Recently I have paused to reflect on the kind of decisions that one often makes when faced with a huge change in one’s life.
I moved to London about two months ago, at the time I am writing, and this marked a crucial point in my life because pretty much everything would start from scratch.
From one day to the next I changed house, city, country, job and went to live alone for the first time in my life.
These situations are perfect for thinking well and set the new life and the new me that would be born from that moment on.
The point is that it is certainly not easy to make these kinds of decisions because they will probably affect my whole life and my career from then on.
In fact, they are the kind of decisions that require long reflection and self-knowledge.
Which people will I try to be friends with which leaders will I want to follow, if I become someone’s leader myself, what kind of leader will I want to be?
Who I want to be?
In this article I offer a suggestion to better address these questions and to live the phase of decision-making and more peacefully transition.
Thinking about who we want to be is an extremely large and volatile question. There can be a thousand shades for each character trait.
Determining who we want to be is perhaps too complicated at times and therefore my suggestion is to simplify the question and reverse it.
Instead of providing rigid rules of what we would like to see realized, we start by excluding the great set of possibilities that we do not want to see at all.
These are more general rules that give us a simpler and more versatile guide.
This is particularly effective as the years go by and situations change. We cannot predict the future and maybe some of the things we wanted to happen will never happen.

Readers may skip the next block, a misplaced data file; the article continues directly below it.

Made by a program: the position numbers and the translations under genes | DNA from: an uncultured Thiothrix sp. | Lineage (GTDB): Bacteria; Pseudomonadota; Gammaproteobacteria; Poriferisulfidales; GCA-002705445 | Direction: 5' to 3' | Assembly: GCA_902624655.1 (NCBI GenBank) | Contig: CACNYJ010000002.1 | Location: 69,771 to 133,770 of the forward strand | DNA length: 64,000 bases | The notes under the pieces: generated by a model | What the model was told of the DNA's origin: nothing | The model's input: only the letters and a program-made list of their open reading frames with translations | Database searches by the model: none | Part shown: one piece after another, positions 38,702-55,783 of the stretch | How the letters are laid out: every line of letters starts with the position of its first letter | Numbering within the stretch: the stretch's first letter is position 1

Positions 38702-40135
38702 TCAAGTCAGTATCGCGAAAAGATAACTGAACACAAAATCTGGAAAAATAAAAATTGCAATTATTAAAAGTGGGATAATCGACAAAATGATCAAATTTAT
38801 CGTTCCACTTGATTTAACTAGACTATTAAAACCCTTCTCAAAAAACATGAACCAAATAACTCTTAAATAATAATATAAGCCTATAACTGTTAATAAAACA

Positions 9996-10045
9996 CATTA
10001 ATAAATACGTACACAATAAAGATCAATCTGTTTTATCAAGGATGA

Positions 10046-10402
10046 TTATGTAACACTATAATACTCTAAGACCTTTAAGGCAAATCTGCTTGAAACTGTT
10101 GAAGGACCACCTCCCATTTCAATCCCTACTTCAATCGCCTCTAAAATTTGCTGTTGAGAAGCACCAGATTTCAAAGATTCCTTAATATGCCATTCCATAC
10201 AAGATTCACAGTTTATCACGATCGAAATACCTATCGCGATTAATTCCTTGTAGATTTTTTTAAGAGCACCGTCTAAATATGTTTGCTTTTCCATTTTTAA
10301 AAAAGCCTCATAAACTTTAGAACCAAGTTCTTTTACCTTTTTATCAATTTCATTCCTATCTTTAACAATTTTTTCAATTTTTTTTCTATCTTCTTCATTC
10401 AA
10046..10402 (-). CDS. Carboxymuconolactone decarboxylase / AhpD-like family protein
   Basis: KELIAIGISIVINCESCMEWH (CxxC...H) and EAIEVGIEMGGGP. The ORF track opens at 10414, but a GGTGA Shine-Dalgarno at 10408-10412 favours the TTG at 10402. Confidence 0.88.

However, it does not mean that our identity cannot be realized.
If we give ourselves guidelines as to who we do not want to be, and every time a decision arises, we choose to act in a way that does not violate our intentions, then it does not matter what we have chosen to do, how we have chosen to behave and what a person we have become.
The important thing is that we have not become what we did not want.
In a constantly evolving world, and especially in a life that changes so much, it does not matter where every single step must be, the important thing is to decide which is the way to go.
When there is an unforeseen event, we will thus have the freedom to circumvent it in the best way we have at that moment.
Finally, sometimes it happens that we cannot make the most optimal decision, at which point the only thing we can cling to are those abstract and general rules we call morality that never tell us what to do, but always tell us what not to do.
It then become way important to have clear those general rules, and be consistend with them. Only then you are ready to deeply explore each trait of your character and shape it the way you want.
Think about who you DON’T want to be and only THEN who you want to be!